Prevention is Better Than Cure: Addressing Mental Health in the Workplace

Training and assessing those working in emergency services starting out in their profession could help identify those with a higher propensity of suffering from mental illness later in life, a study from University College London has found.

The study analysed 380 new recruits working in the emergency services sector, including paramedics over a 4 year timeframe. The research addressed factors that influence mental health issues such as depression & stress related illness, and found that while some variant’s, such as psychiatric history are fixed, others such as behavioral traits & cognitive styles can be altered by therapy and training to reduce the risk of developing such issues.

The study found that, even accommodating for fixed indicators of mental health problems, subjects are increasingly likely to experience depression or PTSD if they have an apparently lower resilience to previous stressful life events. “Our findings support what has been shown in previous literature on rumination predicting- that dwelling on stressful situations in the past can set someone up to develop later problems.” states Dr Jennifer Wilde.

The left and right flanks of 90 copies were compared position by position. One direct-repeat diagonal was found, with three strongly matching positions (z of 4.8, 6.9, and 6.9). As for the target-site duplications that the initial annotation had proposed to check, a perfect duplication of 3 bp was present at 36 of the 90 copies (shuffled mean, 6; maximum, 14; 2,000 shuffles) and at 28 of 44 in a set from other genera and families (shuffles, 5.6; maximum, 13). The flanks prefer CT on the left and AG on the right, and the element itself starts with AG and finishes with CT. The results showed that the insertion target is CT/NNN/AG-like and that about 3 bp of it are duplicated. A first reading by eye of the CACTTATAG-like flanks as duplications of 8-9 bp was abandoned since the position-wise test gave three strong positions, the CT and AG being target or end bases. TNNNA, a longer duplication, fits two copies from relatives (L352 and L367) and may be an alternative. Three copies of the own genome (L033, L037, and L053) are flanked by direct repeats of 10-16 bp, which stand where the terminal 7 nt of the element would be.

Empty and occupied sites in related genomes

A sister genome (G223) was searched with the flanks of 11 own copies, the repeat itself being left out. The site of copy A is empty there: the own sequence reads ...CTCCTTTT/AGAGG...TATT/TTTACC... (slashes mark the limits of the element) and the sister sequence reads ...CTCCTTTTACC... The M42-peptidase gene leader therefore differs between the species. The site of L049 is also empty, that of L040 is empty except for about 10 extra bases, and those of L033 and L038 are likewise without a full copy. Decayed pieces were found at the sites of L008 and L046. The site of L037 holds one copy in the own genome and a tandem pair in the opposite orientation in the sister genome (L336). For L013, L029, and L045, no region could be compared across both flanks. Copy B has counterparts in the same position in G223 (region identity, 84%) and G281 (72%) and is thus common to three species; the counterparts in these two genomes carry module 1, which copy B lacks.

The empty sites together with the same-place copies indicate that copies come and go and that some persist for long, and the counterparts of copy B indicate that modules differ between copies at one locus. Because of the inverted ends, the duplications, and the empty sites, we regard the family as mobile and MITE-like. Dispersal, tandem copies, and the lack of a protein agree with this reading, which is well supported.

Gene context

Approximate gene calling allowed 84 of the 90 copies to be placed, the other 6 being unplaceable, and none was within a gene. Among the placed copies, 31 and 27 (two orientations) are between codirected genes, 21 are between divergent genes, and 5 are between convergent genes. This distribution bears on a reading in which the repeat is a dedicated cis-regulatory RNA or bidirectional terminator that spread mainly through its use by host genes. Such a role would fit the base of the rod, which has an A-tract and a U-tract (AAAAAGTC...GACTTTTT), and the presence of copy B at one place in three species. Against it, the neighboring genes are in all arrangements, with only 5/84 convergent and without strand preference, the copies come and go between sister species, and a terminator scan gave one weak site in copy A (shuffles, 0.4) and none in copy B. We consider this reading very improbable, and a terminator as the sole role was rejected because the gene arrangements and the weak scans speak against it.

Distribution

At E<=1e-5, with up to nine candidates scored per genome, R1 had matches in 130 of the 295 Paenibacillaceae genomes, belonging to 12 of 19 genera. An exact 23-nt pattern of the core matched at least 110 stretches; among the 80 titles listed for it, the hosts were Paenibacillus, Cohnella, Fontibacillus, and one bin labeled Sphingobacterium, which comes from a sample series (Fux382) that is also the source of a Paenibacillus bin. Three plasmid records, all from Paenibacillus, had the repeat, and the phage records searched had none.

This doesn’t mean to screen out more sensitive candidates; rather offering those at greater risk mental health training or counselling in order to improve their resilience to future stressful situations. This in turn has the potential to reduce PTSD and major depression that will later affect long-term sickness absence; by improving long-term health is essential to an efficient and robust workforce. Essentially, prevention is better than cure, no matter what your industry!